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Morgan Stanley Takes A Pass On Revel AC Casino

ATLANTIC CITY, N.J. (AP) -— Morgan Stanley said Thursday it is pulling out of the $2 billion Revel casino in Atlantic City and is prepared to take "a substantial loss" on the stalled project, into which it has already sunk $1.2 billion.

The company, which owns more than 90 percent of the ocean-themed casino-hotel project on the Boardwalk, did not list a reason for abandoning the project.

But looming next week is a demand from New Jersey casino regulators that top Morgan Stanley officials submit voluminous personal and financial information to enable the state to determine if they would qualify to hold a casino license.

In a filing with the U.S. Securities and Exchange Commission, Morgan Stanley said it will seek to sell or auction off the project.

The filing said the company's directors on Wednesday "authorized management to proceed with a plan of disposal for Revel Entertainment Group, LLC," a subsidiary of Morgan Stanley. "The company will consider various alternatives to effect the full disposition of Revel, which may include a direct sale to a third-party or an auction process."

The company said its total investment in Revel is $1.2 billion.

"It is anticipated that the disposition of Revel will result in a substantial loss of that investment," the global financial services company said.

Morgan Stanley officials did not return messages seeking comment Thursday evening.

But Revel Entertainment's chairman and CEO, Kevin DeSanctis, told The Associated Press the project will still get built.

"The key is to ultimately figure out who will end up with that equity piece, whether it's Revel, Revel with a partner or someone else," he said. "We'll continue everything we're doing, working on the financing. My total focus is on getting this project done."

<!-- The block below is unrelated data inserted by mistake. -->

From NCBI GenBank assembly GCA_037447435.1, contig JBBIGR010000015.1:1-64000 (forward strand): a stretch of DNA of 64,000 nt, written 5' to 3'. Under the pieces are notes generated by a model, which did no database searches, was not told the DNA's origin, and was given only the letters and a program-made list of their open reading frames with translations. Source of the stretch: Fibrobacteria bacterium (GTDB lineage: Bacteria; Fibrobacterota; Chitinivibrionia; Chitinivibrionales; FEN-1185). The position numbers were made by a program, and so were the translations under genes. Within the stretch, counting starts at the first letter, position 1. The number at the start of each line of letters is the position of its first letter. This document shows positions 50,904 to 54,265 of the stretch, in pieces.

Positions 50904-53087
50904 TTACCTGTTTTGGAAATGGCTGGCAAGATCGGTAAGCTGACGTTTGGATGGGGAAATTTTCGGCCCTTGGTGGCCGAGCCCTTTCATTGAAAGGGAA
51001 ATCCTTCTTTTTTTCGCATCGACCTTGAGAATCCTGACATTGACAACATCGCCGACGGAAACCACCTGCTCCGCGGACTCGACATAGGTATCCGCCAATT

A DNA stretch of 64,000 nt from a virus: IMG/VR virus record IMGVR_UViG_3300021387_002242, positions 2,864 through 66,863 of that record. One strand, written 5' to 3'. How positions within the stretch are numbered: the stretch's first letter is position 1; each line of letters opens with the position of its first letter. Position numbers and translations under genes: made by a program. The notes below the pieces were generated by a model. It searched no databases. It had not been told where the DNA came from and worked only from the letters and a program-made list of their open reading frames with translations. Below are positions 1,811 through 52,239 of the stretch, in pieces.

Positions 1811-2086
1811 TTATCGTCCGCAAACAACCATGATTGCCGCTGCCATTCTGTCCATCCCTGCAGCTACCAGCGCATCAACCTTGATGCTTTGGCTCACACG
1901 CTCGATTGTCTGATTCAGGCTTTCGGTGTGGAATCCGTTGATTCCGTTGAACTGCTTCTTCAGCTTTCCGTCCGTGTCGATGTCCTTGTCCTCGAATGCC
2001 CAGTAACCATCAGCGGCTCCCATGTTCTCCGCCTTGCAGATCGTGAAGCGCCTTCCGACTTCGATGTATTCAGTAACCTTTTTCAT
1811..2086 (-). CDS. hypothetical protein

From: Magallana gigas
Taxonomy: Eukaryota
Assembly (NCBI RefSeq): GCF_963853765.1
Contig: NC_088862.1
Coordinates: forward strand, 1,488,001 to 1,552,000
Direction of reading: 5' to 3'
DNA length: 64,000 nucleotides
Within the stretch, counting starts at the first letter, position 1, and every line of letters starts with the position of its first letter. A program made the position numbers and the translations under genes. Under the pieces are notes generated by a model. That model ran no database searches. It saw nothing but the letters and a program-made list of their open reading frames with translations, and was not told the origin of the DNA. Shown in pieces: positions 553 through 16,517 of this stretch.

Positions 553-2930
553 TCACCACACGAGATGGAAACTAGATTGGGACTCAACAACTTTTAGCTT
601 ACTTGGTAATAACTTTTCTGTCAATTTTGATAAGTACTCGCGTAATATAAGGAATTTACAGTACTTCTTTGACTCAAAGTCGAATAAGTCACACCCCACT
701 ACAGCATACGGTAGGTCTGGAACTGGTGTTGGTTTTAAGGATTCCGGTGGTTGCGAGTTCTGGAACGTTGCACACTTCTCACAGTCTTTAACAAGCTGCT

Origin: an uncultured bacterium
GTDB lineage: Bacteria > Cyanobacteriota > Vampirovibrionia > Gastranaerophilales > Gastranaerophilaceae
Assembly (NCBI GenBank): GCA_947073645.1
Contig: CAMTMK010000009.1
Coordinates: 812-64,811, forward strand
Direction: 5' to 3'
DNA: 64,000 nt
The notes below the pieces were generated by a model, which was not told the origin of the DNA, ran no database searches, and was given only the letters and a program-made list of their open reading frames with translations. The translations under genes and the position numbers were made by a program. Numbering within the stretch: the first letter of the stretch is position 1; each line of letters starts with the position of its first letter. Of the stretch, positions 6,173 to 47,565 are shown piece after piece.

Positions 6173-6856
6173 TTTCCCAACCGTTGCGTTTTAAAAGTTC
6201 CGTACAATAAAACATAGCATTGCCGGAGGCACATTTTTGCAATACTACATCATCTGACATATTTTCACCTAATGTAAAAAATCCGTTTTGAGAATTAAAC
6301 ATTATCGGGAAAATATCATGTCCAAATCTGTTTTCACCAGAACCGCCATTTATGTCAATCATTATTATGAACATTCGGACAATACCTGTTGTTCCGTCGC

Morgan Stanley's announcement came a day after DeSanctis said Revel was "very close" to a deal with China's Export/Import Bank to secure the remaining $1 billion needed to finish the half-built project.

"There is a change if Morgan Stanley is not in the mix," he said. "We've got to sit down and work through this with the bank."

He said Morgan Stanley "has been a terrific partner" but "Morgan Stanley is not in the gaming business; that's not what they do."

Revel ran out of money in January 2009, laid off 400 workers and stopped work on all but the exterior of the project until it could find money to do the inside.

The casino and its 2,000-room hotel are widely seen as crucial to Atlantic City's efforts to compete with slots parlors in neighboring states, which soon will offer table games that threaten to further erode New Jersey's one-time monopoly on East Coast gambling.

Revel, begun in 2007, just before the national recession hit and credit markets dried up, has been beset by problems, including the deaths of three key executives in a plane crash, its inability to secure funding to finish the project and a public backlash against a state tax break it is seeking that could be worth as much as $350 million over 20 years.